Small businesses represent a huge opportunity for providers of storage as a service, according to research firm IDC.
The acceptance of storage-as-a-service by small businesses will grow as they get used to the idea that much of their business data is already being handled by third parties, said Doug Chandler, director of storage software and services for IDC's Information Infrastructure group.
And that will remain an indirect channel play for a wide range of storage providers, Chandler told an audience of end users at this week's Storage Networking Conference in San Diego.
Small businesses are already storing a variety of data outside their own IT infrastructures, such as bank accounts, insurance information and legal information, said Chandler. In addition, they are already outsourcing many of their business functions, including human resources, payrol, and financial information. "An awful lot of data is already being stored and managed outside smaller businesses now," he said. "So there is a certain comfort level with it."
There are two basic areas in which small businesses can take advantage of storage-as-a-service, said Chandler.
The first is discrete services, such as remote backup and recovery and hosted e-mail archiving. Worldwide, said Chandler, businesses spent about $100 million on hosted e-mail archiving last year and more than $200 million on managed backup and recovery services. In both cases, he said, small and midsize businesses accounted for about half the spending.
Growth in managed storage services in this area is limited by the challenges of marketing to customers, who prefer to get such services from their storage vendors whether those vendors offer such services or not, Chandler said. Packaging and pricing are also still too complicated for most small businesses, he said.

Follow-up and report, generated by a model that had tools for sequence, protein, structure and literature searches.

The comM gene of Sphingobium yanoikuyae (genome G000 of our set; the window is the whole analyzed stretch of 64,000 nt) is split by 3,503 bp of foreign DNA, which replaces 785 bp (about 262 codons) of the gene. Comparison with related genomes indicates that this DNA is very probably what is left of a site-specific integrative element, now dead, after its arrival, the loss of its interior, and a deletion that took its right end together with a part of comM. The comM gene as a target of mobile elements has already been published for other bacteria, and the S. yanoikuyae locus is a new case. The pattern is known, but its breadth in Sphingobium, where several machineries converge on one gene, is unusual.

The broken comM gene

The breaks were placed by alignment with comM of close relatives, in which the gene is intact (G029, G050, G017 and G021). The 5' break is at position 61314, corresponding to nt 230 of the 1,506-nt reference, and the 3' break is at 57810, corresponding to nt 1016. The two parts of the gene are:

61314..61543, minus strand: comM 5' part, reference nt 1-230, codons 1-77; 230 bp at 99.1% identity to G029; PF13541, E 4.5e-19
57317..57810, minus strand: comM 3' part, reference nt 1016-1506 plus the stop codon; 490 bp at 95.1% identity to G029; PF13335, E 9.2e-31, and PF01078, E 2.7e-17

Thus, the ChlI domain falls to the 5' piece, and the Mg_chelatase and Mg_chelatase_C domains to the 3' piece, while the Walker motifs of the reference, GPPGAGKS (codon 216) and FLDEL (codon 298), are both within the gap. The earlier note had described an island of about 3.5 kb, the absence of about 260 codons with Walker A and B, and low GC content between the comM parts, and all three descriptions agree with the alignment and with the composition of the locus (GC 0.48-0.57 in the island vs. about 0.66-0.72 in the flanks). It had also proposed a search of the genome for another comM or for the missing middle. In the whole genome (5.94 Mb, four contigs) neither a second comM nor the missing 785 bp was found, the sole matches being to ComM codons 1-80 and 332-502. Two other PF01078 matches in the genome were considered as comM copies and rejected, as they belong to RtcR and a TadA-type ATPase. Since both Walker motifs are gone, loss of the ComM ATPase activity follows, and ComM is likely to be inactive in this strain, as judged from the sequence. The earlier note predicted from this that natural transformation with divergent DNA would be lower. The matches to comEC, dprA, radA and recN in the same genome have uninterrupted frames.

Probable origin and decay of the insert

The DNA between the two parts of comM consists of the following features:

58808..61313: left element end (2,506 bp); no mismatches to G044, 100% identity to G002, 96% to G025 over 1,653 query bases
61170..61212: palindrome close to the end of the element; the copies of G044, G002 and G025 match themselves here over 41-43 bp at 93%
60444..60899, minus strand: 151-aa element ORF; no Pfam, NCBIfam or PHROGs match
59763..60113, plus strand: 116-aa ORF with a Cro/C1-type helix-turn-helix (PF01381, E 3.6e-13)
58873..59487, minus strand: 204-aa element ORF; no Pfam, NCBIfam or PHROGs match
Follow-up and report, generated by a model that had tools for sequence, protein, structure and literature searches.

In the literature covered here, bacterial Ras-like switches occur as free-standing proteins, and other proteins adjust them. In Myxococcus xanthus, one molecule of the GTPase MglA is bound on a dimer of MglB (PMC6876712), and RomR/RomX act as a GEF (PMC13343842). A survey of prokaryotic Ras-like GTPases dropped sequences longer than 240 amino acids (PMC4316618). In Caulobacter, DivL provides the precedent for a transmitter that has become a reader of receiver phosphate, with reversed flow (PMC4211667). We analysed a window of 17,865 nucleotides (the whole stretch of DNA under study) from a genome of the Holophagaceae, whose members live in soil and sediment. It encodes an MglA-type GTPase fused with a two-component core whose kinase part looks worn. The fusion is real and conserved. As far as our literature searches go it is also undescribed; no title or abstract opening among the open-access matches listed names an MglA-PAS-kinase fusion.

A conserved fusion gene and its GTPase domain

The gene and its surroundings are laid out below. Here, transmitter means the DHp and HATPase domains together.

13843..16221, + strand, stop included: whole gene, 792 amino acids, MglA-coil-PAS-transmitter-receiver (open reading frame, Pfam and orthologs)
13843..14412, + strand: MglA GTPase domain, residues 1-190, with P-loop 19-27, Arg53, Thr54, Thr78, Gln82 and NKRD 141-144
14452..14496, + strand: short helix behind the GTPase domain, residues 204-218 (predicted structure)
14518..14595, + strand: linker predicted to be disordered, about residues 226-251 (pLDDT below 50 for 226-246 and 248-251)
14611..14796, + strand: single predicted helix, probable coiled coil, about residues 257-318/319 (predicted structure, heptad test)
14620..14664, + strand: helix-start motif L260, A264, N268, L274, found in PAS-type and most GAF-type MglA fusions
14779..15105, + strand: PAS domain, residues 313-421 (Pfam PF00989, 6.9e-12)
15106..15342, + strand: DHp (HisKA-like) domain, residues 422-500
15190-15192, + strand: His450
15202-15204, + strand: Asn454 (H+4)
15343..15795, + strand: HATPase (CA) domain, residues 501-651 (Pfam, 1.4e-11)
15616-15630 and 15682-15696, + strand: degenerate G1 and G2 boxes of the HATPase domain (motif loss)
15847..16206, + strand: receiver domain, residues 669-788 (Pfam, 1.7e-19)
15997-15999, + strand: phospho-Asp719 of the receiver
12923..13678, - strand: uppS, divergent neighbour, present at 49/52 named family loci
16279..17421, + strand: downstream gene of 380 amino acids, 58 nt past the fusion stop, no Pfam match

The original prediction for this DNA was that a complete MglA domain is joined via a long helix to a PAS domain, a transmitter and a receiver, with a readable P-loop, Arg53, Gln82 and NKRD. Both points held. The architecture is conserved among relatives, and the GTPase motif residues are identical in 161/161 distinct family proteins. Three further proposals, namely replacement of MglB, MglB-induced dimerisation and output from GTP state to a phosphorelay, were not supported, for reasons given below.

The second area for storage services is in integrated storage, said Chandler. For many of the services that small businesses use, such as e-mail services, online photo services, banking, payroll and outsourced human resources and finance, storage is already a part of the service.
While providers of discrete outsourced storage services such as IBM and Hewlett-Packard, specialized service specialists such as Arsenal Digital, telcos such as AT&T and Sprint, as well as ISPs and solution providers, scale is important, said Chandler.
However, such service providers have yet to show that they can scale to reach small businesses, leaving the door open to providers of Web services with integrated storage capabilities, he said.
In either case, the concept of "service provider" when it comes to storage is no longer limited to traditional companies, but must be expanded to include nontraditional players from small solution providers to companies as diverse as Microsoft, Oracle and SAP, Chandler said. "This really is an indirect model," he said.